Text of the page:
The Soyuz T-10-1 mission (often called Soyuz T-10a in the West) was intended to visit the Salyut 7 space station, which was occupied by the Soyuz T-9 crew. However, it never even finished its launch countdown; the launch vehicle was destroyed on the launch pad by fire. Fortunately, the launch escape system of the Soyuz spacecraft fired two seconds before the launch vehicle exploded, saving the crew. It is so far the only case in which a launch escape system fired on the pad with a crew aboard.
Shortly before the planned liftoff, fuel spilled around the base of the Soyuz launch vehicle and caught fire at T-90 seconds. The launch control team activated the escape system but the control cables had already burned, and the Soyuz crew could not activate or control the escape system themselves. Twenty seconds later, launch control was finally able to activate the escape system by radio command, by which time the booster was engulfed in flames. Explosive bolts fired to separate the descent module from the service module and the upper launch shroud from the lower. Then the escape system motor fired, dragging the orbital module and descent module, encased within the upper shroud, free of the booster with an acceleration of 14 to 17g (137 to 167 m/s²) for five seconds. Two seconds after the escape system activated, the booster rocket exploded, destroying the launch complex (which was, incidentally, the one used to launch Sputnik 1 and Vostok 1). Four paddle-shaped stabilizers on the outside of the shroud opened and the descent module separated from the orbital module at an altitude of 650 m, dropping free of the shroud. The descent module discarded its heat shield, exposing the solid-fuel landing rockets, and deployed a fast-opening emergency parachute. Landing occurred about four kilometers from the launch pad. The two crew members were badly bruised after the high acceleration, but had survived.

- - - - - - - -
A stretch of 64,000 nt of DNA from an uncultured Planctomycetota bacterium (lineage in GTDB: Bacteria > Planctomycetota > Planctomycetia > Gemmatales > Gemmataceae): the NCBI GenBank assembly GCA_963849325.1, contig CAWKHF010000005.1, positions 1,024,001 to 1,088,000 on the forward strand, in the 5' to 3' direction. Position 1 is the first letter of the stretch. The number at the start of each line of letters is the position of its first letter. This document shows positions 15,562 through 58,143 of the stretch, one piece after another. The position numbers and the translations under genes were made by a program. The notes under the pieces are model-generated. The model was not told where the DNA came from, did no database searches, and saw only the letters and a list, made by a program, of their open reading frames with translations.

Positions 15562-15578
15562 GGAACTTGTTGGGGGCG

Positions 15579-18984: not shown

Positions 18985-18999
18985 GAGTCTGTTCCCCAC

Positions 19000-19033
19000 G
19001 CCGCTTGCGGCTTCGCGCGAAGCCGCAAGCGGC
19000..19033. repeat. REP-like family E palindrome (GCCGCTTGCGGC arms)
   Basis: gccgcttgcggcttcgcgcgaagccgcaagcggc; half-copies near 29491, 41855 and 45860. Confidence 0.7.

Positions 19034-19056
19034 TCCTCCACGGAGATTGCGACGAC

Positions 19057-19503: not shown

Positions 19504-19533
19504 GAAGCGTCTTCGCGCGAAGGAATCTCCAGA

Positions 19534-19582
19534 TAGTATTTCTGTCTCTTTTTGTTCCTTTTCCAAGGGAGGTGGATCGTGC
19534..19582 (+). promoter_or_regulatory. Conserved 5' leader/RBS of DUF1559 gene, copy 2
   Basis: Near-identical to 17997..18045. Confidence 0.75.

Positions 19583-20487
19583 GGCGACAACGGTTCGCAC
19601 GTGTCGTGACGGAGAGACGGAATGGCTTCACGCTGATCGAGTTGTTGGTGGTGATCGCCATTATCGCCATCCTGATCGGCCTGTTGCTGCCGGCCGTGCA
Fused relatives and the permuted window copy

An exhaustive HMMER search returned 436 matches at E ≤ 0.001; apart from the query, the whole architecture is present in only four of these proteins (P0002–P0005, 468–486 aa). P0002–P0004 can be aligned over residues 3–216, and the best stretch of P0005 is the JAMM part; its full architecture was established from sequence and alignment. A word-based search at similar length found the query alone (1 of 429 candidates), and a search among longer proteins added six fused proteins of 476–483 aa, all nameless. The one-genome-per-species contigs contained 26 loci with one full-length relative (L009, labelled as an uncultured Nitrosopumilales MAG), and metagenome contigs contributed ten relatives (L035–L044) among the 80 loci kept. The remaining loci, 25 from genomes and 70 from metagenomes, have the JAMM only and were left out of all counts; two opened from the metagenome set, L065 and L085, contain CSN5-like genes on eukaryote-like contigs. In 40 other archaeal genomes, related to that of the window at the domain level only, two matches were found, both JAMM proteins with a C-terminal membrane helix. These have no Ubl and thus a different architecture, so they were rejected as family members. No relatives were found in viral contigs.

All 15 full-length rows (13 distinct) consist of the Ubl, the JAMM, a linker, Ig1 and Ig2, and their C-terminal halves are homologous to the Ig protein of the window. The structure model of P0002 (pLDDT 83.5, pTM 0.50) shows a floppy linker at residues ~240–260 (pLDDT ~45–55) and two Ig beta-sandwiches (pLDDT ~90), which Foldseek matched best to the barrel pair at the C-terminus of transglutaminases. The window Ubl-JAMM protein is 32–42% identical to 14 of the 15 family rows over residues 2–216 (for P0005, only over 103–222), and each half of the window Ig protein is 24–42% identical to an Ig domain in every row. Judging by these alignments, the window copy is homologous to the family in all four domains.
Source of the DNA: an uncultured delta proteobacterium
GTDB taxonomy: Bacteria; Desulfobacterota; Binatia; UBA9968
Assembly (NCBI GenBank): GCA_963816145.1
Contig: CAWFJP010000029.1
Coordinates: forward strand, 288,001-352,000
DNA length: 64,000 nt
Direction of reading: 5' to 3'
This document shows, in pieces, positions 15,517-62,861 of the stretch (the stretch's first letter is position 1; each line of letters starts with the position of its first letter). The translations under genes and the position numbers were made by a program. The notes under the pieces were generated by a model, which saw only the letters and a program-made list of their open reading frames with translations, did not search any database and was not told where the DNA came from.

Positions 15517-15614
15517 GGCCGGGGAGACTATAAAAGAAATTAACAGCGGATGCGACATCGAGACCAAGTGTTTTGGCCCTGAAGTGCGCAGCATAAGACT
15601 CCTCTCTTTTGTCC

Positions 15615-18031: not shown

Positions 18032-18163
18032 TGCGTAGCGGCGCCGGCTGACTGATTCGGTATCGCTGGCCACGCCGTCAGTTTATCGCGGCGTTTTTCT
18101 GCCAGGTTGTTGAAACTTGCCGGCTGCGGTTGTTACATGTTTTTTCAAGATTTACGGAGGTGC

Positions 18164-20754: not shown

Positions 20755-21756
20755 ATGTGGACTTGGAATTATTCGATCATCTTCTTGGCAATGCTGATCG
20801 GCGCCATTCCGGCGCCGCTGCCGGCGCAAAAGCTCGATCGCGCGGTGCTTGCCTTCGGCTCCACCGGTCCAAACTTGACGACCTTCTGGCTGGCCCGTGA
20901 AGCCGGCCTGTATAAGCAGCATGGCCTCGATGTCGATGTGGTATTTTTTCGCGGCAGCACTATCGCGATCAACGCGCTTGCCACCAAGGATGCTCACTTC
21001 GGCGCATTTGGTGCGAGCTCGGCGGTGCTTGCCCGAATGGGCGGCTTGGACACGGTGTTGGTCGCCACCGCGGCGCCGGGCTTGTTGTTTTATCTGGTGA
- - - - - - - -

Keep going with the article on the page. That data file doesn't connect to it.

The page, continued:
The failure's immediate result was the inability to replace the aging Soyuz T-9 return capsule attached to the Salyut 7 space station. This led to overblown reports in the Western media about the cosmonauts remaining aboard Salyut 7 (which had arrived several months before in the T-9) being 'stranded' in space, with no ability to return.
Years later, in an interview with the American History Channel regarding the flight, Titov claimed that the crew's first action after the escape rocket fired was to deactivate the spacecraft's cockpit voice recorder because, as he put it, "We were swearing."